But a few local mayors say they have not been approached by the police at all. Kafr Qasem's mayor, Aadel Badir, was surprised the police were planning a weapons confiscation campaign with the municipalities’ help.
“First off, nobody spoke to me about it,” he says. “Second, it’s not our job to collect weapons but the police’s. Don’t talk to us about it because no special operation is needed. It’s a waste of time. It didn’t work in the past and it won’t work now. The police want to collect weapons? Fine, make operations, conduct searches, prevent smuggling. Just do something.”
Mudar Yunes, the Arara council head and chairman of Arab local councils, is a staunch opponent of the operation. “All these operations aren’t practical. Come on, a youngster who just bought an M-16 for 40,000 shekels is going to hand it over voluntarily to the police?” he says.
“Nobody’s going to hand over a weapon, and anyone who thinks that doesn’t understand reality.”
“A man who has a weapon that isn’t in use will simply bury it somewhere on his land. Perhaps such operations could work among Jewish army veterans who are stuck with ammunition or a magazine, but not in Arab society,” Yunes says.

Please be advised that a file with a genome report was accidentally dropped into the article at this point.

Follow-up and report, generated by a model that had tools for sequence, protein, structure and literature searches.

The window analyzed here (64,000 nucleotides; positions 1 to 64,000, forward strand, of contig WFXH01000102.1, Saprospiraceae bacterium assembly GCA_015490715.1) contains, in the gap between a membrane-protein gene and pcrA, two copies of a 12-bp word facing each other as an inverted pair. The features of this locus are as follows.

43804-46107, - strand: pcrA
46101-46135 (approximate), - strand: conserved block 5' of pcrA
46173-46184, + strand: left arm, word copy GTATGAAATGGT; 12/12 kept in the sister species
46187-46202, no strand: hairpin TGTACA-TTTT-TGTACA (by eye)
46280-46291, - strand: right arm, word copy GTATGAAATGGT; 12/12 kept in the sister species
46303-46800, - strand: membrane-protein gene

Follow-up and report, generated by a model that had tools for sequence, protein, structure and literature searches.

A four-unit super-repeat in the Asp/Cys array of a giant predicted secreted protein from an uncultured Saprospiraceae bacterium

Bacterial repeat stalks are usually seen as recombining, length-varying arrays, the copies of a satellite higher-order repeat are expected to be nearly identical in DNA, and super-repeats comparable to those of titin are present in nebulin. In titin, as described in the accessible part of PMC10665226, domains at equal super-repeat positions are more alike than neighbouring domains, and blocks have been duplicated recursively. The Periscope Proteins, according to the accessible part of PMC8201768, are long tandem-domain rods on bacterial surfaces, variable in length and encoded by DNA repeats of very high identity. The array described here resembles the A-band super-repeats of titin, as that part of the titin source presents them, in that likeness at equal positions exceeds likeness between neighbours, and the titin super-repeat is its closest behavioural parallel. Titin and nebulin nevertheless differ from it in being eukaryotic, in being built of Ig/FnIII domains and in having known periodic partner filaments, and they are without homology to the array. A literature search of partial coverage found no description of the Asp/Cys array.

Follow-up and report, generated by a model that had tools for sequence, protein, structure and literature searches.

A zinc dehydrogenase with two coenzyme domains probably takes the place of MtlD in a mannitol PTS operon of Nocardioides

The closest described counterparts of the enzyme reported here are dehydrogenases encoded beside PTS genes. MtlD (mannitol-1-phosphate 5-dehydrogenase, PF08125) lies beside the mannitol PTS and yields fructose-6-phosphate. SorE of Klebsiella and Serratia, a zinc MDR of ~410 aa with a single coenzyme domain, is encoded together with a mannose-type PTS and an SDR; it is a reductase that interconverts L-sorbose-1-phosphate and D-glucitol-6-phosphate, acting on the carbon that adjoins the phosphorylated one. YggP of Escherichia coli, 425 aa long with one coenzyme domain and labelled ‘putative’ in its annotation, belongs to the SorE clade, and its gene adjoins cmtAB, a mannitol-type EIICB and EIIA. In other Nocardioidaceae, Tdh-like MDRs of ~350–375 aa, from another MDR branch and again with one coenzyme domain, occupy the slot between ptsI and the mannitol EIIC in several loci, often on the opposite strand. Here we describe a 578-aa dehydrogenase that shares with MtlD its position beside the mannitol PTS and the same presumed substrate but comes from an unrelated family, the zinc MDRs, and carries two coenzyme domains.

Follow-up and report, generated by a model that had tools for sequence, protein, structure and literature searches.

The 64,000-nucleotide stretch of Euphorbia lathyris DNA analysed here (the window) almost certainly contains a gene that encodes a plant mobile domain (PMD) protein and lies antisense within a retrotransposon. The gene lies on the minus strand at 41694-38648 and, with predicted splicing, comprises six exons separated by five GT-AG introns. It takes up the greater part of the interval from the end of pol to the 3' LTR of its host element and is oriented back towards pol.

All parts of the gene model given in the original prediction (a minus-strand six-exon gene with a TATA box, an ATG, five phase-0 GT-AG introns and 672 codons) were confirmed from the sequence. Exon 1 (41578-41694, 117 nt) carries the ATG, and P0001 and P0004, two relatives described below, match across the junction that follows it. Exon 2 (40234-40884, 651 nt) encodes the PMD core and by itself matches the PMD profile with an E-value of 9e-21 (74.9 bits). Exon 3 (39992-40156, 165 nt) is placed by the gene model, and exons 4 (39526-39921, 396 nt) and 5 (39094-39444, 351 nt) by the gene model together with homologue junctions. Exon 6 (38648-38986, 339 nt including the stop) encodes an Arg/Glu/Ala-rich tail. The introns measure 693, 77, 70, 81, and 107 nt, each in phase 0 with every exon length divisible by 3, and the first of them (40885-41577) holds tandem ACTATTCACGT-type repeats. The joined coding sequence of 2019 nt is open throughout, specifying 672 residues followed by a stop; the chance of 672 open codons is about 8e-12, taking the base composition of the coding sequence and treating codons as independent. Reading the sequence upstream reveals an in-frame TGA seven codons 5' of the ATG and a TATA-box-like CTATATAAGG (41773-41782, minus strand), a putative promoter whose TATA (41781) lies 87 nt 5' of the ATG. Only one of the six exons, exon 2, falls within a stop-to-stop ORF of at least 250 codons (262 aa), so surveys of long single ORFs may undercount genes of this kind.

There’s only one way to collect weapons, he believes: “The police must go in and take them from those who have them.”
Yunes blasts the police’s handling of crime in Arab society. He says a shooting exchange went on for three hours in Arara on Yom Kippur eve. “I called the commander of the Iron police station and other police officers. One of them told me he doesn’t have enough police cars. Only three hours later they sent in forces. The police knows where the weapons are, they should go in and take them. It’s the police’s work, not ours,” he says.
Dr. Walid Hadad, until a few months ago a senior criminologist in the Public Security Ministry, also doesn’t believe the operation will succeed. “They’ve tried it twice before and failed, so what will be different this time? The minister and police are doing it only to say ‘look, we’re trying,’” he says.
Hadad, who was once an inspector in the ministry’s Authority for Prevention of Violence, Alcohol and Drug Abuse, says: “We don’t want to reward those who have guns but to punish them.”